My passion for wildlife was stimulated in my teenage years, mainly thanks to my Mum (a biology teacher) who made me look at the world differently and being inspired by writers such as Paul Colinvaux. This early interest developed into biological research in my 20s, when I did practical conservation work in places such as the Comores and Mongolia.
Today, any free time I have I spend pottering around the flatlands of East Anglia or escaping to our hut on the Northumberland coast looking for wildlife and castles with my wife and children.
I studied Biological Sciences at Oxford and Conservation at UCL, and worked at Wildlife and Countryside Link before spending five years as Conservation Director at Plantlife.
I joined the RSPB as Head of Government Affairs in 2004, became Head of Sustainable Development in 2006, before becoming Conservation Director in 2011.
I am often asked what role nature reserves play in modern nature conservation. There are so many things that we want from land - for example food, clean water and flood protection - some believe that our emphasis should be on engineering wildlife into working landscapes rather than worrying about isolated oases which are expensive to buy and hard to maintain. Of course, we work with land managers to help provide space for nature in the farmed environment. Yet, on its own, this will never be sufficient to help recover wildlife populations.
To my mind, nature conservation starts with our remaining areas of natural or semi-natural habitat which make up our protected area network (of A/SSSIs and Natura 2000 sites). There is consensus we need bigger, better and connected protected areas and we have set a target of at least 20% of UK land to be well managed for wildlife by 2025. This is essential not just to meet international commitments (such as Convention on Biological Diversity Aichi targets) but more importantly to help wildlife recover across landscapes. And we remain on track to double the extent of our nature reserves from 2006 levels by 2030 while ensuring our existing 210 nature reserves covering c150,000ha of land are in the best possible condition for wildlife. We set this target because we still believe that nature reserves - land managed primarily for wildlife - provide important source populations for species and can provide the beating heart of the landscapes we want to transform. What's more, through our management we can inspire others and provide wonderful wildlife experiences for our visitors.
To illustrate this point, Mike Pollard, Area Manager for the RSPB in the South Midlands, below provides an update on one of newer nature reserves - Middleton Lakes - which celebrates its tenth birthday this week. Have a read, then plan a visit.
Middleton Lakes celebrates tenth birthday
A decade ago, the RSPB secured 400 acres of wetlands, woodlands and meadows in the Tame Valley south of Tamworth and created Middleton Lakes nature reserve. Our vision is to establish a major new wildlife reserve that is readily accessible to people from across the greater Birmingham area and beyond. We worked closely with Hanson and Staffordshire County Council on the final stages of an award winning nature-friendly gravel quarry restoration, then, our RSPB staff and volunteer team took the lead and developed this site further into a fabulous nature-rich landscape.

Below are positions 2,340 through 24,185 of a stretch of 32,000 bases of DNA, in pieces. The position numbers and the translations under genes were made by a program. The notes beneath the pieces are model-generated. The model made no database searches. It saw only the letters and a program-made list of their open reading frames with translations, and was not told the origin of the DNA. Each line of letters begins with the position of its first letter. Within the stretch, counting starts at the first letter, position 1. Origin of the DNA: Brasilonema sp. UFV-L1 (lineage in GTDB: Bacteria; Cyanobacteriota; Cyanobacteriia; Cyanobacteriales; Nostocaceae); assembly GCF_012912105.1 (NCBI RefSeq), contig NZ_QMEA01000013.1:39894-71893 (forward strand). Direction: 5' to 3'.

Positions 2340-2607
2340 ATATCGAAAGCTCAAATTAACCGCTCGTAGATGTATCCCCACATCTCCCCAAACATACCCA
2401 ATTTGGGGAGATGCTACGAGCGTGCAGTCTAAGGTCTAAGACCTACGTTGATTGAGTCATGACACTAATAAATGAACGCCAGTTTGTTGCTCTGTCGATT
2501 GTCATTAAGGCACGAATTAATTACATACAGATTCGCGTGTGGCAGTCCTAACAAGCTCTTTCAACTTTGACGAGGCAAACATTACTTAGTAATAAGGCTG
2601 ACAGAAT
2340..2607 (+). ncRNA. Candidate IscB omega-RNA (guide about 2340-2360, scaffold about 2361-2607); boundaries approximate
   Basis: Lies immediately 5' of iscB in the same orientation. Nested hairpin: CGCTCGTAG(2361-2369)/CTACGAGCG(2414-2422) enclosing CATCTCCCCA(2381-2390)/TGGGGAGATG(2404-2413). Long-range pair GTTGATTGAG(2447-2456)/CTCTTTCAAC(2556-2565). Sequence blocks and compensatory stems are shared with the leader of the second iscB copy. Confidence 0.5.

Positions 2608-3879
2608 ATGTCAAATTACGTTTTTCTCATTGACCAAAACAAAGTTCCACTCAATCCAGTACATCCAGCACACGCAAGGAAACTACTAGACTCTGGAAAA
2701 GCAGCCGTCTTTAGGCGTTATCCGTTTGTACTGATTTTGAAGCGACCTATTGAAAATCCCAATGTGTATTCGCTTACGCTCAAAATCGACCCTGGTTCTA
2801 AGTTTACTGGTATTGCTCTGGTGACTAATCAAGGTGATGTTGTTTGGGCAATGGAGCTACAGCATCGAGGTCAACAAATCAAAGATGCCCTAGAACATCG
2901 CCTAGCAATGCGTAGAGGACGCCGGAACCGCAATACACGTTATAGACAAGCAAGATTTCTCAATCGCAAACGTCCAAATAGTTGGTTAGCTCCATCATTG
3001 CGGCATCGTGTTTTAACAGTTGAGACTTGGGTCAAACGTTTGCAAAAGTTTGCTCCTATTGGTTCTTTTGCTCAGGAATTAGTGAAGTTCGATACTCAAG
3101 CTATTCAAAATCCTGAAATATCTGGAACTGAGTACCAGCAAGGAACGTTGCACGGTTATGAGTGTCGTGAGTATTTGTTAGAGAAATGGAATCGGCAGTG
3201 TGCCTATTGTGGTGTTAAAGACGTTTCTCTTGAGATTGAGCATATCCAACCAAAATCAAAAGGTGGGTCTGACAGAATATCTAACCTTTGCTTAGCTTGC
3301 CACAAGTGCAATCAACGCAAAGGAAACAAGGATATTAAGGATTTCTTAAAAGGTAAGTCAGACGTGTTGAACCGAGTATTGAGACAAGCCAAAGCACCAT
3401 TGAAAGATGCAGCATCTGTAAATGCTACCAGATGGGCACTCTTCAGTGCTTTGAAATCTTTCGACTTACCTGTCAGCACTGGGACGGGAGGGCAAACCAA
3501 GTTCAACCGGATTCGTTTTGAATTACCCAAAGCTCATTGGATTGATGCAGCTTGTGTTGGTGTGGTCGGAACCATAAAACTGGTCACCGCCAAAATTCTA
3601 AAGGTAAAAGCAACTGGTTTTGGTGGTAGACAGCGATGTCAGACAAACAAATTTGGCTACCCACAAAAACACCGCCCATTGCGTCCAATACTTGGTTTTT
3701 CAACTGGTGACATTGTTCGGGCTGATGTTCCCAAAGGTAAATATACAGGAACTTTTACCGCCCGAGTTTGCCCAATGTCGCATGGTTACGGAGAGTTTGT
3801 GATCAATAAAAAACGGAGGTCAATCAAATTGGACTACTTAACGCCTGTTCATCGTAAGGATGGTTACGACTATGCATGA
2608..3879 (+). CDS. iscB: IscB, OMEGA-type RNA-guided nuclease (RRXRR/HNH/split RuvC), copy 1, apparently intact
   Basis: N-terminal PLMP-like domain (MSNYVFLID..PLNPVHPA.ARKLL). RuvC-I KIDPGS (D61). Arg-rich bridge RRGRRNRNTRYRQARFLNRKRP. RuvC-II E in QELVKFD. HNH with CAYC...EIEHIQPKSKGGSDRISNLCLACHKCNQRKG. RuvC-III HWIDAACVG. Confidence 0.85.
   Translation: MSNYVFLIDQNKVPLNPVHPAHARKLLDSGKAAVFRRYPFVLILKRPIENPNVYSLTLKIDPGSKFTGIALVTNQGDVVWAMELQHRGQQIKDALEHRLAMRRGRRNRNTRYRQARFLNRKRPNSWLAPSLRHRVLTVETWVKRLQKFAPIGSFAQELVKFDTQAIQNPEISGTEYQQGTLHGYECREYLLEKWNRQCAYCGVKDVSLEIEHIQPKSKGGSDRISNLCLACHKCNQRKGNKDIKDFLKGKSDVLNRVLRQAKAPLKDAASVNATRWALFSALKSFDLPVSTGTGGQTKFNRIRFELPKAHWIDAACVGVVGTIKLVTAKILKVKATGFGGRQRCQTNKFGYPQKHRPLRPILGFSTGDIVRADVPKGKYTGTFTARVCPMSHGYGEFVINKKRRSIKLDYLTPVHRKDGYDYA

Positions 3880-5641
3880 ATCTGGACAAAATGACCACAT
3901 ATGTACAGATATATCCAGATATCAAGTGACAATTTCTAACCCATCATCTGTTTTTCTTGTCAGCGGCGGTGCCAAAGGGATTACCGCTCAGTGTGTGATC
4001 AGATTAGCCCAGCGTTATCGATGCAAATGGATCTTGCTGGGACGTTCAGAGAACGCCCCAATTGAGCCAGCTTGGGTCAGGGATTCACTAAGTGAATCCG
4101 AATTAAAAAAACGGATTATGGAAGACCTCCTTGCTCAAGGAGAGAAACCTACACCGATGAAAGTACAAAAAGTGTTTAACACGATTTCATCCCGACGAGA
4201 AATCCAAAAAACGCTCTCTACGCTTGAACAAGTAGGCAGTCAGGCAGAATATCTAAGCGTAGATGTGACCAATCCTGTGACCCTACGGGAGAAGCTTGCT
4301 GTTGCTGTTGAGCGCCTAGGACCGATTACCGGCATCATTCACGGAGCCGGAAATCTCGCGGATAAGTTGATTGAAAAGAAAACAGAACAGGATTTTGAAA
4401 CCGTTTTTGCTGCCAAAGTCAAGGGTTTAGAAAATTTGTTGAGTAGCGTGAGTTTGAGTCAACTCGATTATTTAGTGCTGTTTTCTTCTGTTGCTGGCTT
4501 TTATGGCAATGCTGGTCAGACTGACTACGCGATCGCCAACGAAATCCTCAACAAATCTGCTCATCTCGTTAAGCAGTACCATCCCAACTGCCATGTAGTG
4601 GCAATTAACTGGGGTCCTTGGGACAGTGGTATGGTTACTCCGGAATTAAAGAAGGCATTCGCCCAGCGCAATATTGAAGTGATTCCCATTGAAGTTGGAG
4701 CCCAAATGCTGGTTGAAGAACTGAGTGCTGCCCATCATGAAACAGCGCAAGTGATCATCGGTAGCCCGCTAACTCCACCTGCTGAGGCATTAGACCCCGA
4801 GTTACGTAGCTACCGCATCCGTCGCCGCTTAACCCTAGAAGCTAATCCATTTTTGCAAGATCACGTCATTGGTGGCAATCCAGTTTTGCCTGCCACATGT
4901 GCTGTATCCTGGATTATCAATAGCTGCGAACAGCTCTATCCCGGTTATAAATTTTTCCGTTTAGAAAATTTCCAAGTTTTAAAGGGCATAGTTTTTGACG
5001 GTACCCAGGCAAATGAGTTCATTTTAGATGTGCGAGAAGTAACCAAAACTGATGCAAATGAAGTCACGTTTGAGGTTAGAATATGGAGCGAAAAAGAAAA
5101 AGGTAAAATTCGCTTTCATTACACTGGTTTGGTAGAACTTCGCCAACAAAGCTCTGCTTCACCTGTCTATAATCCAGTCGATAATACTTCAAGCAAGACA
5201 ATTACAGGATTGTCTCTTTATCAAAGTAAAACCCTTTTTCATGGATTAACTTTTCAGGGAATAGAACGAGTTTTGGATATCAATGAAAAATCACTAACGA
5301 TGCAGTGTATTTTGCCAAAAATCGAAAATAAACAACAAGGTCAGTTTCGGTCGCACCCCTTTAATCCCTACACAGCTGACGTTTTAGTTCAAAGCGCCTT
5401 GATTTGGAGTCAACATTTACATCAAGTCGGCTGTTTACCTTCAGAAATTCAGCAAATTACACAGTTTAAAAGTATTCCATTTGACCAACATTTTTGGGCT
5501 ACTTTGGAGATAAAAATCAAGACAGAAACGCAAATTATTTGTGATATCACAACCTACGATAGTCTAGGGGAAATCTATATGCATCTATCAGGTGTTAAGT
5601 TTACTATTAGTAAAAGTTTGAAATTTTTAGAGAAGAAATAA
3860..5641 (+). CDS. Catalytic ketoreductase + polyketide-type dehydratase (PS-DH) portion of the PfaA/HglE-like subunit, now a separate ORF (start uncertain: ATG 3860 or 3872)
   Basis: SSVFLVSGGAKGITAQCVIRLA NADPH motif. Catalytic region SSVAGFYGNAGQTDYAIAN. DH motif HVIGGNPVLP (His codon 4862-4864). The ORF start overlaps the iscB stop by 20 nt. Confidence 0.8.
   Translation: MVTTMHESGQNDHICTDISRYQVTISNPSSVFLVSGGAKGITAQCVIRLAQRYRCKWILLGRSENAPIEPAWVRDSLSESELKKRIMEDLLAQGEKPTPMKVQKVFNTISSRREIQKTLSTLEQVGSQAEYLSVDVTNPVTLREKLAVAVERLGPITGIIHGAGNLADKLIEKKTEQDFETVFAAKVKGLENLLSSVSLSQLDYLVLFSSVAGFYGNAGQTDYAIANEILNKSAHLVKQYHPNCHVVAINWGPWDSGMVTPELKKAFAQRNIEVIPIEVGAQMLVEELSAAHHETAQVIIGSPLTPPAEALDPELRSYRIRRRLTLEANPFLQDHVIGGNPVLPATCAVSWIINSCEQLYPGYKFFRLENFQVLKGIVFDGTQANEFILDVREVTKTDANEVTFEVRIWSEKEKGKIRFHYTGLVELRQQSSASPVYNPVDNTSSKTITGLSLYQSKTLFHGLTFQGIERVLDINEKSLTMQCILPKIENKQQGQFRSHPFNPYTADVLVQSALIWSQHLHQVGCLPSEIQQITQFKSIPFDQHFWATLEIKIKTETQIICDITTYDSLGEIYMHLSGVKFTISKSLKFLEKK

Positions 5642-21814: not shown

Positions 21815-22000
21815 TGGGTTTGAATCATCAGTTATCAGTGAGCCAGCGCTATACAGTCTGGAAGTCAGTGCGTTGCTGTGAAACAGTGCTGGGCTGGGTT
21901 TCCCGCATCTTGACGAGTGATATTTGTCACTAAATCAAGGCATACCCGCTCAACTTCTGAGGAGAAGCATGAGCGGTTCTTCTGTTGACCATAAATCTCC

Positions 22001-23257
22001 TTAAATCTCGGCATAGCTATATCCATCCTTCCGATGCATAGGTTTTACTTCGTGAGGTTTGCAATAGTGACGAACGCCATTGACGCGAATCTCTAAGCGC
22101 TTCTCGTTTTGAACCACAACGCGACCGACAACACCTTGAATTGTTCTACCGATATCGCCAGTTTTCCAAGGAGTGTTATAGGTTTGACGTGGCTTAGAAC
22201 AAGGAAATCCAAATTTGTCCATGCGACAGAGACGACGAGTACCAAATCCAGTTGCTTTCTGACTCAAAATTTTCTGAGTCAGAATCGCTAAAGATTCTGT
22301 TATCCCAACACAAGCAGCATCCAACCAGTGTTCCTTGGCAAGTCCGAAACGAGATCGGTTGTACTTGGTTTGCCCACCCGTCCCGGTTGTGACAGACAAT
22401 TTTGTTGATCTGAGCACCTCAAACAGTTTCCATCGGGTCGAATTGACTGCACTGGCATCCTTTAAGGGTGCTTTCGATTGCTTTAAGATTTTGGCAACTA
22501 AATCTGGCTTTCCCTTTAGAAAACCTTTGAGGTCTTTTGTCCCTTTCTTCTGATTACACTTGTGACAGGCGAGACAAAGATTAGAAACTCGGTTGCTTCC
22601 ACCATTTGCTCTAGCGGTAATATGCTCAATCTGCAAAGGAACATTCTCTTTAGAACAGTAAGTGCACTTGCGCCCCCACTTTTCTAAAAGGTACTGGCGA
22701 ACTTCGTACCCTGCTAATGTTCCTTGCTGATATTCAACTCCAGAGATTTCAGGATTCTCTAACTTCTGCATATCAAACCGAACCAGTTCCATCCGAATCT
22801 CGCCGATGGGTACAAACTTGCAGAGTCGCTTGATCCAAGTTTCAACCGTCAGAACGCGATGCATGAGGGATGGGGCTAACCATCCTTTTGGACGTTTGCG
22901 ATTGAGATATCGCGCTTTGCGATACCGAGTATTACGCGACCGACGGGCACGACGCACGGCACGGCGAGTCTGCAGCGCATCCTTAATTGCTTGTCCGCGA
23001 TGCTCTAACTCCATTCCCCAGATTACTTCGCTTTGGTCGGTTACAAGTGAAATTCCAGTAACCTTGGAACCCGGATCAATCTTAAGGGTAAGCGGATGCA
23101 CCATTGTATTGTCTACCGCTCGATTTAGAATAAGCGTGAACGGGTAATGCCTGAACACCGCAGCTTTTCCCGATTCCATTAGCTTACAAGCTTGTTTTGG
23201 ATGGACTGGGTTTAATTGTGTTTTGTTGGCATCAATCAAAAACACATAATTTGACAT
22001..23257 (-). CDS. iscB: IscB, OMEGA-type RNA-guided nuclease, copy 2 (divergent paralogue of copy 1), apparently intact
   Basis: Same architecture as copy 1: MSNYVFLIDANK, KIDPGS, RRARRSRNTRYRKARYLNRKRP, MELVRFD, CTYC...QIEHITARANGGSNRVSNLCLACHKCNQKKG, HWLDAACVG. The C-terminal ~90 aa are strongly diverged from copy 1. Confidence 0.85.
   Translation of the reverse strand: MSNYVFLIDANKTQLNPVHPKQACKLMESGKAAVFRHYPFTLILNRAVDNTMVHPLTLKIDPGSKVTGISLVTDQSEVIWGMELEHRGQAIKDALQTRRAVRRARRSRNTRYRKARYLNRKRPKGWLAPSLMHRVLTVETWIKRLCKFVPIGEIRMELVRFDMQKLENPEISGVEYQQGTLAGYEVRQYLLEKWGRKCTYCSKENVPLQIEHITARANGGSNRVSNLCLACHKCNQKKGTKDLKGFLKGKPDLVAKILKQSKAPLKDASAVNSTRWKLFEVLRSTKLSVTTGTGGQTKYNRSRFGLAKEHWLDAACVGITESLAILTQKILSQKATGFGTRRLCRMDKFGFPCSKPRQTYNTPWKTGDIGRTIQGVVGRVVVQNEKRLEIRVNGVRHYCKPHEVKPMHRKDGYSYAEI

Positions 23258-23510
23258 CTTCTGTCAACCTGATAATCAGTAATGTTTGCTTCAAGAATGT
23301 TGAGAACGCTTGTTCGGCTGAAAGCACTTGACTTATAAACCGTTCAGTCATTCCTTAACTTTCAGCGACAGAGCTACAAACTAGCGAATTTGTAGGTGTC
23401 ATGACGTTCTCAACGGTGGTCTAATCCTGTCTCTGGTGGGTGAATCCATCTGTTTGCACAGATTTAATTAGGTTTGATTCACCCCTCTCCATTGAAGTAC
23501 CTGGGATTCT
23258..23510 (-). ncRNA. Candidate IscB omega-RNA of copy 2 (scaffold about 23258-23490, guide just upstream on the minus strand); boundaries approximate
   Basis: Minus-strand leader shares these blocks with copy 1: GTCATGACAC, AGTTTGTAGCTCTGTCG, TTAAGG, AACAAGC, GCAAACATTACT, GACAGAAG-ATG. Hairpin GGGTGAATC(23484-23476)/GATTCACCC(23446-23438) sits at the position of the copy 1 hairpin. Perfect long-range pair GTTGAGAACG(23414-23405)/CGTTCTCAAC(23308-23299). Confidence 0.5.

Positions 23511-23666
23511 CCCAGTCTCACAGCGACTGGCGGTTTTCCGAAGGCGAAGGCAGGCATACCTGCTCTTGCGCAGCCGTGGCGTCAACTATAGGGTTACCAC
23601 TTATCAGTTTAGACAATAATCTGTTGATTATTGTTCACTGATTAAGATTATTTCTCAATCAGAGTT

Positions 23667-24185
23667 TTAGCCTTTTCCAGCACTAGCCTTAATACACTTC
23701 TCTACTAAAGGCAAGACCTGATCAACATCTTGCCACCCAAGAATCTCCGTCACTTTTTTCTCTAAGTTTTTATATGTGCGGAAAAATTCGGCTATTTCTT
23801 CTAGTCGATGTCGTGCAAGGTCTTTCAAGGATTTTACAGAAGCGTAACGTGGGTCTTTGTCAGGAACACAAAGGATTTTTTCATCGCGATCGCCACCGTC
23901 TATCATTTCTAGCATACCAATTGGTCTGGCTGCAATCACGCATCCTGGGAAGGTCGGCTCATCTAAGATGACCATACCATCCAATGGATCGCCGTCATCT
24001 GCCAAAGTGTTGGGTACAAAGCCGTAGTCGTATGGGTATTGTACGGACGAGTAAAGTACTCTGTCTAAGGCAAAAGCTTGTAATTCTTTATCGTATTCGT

Each year, the reserve has taken big steps forward, especially in 2011 when we opened to the public for the first time - enabling over 100,000 visits so far. But this is very much just the start of what we intend to become one of RSPB’s most visited reserves. It is already a great place to connect with wild nature – the raucous noise of the thriving black-headed gull colony, the graceful herons and egrets wading across the pools, the tell-tale muddy prints of an otter and blue flash of a speeding kingfisher.
Amongst many highlights was the arrival of our beautiful grazing animals - English Longhorn cattle and Konik ponies. By 2016 the ponies were helping create excellent conditions for wading birds by grazing across the Jubilee Wetlands, a specially designed shallow lagoon habitat in the heart of the reserve. Speaking of wading birds, possibly the two breeding bird highlights of the decade occurred in 2015, when avocets fledged young here for the first ever time in Staffordshire, and in 2016, when little egrets became the latest new breeding bird.
We also benefit hugely from our involvement in the Tame Valley Wetlands Landscape Partnership – currently delivering a major landscape-scale scheme supported by the Heritage Lottery Fund, with local people, waterways, heritage and wildlife at its heart. The partnership’s exciting vision is “to create a wetland landscape rich in wildlife and accessible to all” across 104km2 area of the Tame Valley.
The future holds much promise for our fledgling nature reserve, with the promise of further additions to our breeding birds: a new area of reedbed has just been created, designed to be highly attractive to bitterns. We are looking forward to hearing the first booming call of the male bittern echoing out across the valley!
When I joined the RSPB in 1963 you had just a handful of reserves (and little of that land was owned). Who would have thought then how important RSPB reserves would become for nature conservation in the UK. It's great to see that the Society's ambition to grow the reserves network is as strong as ever.
Influencing land management on the widest possible scale is of course very important. But reserves give you control and, if owned, protection for ever except in extreme circumstances. And most habitats in the UK (except mountains, sea cliffs etc.) need to be managed - and you need to decide what species / habitats you are going to manage for. We've lost so much wildlife and so many wild places in the UK; it's great to see the RSPB bringing back as much as it can and creating wilderness areas anew.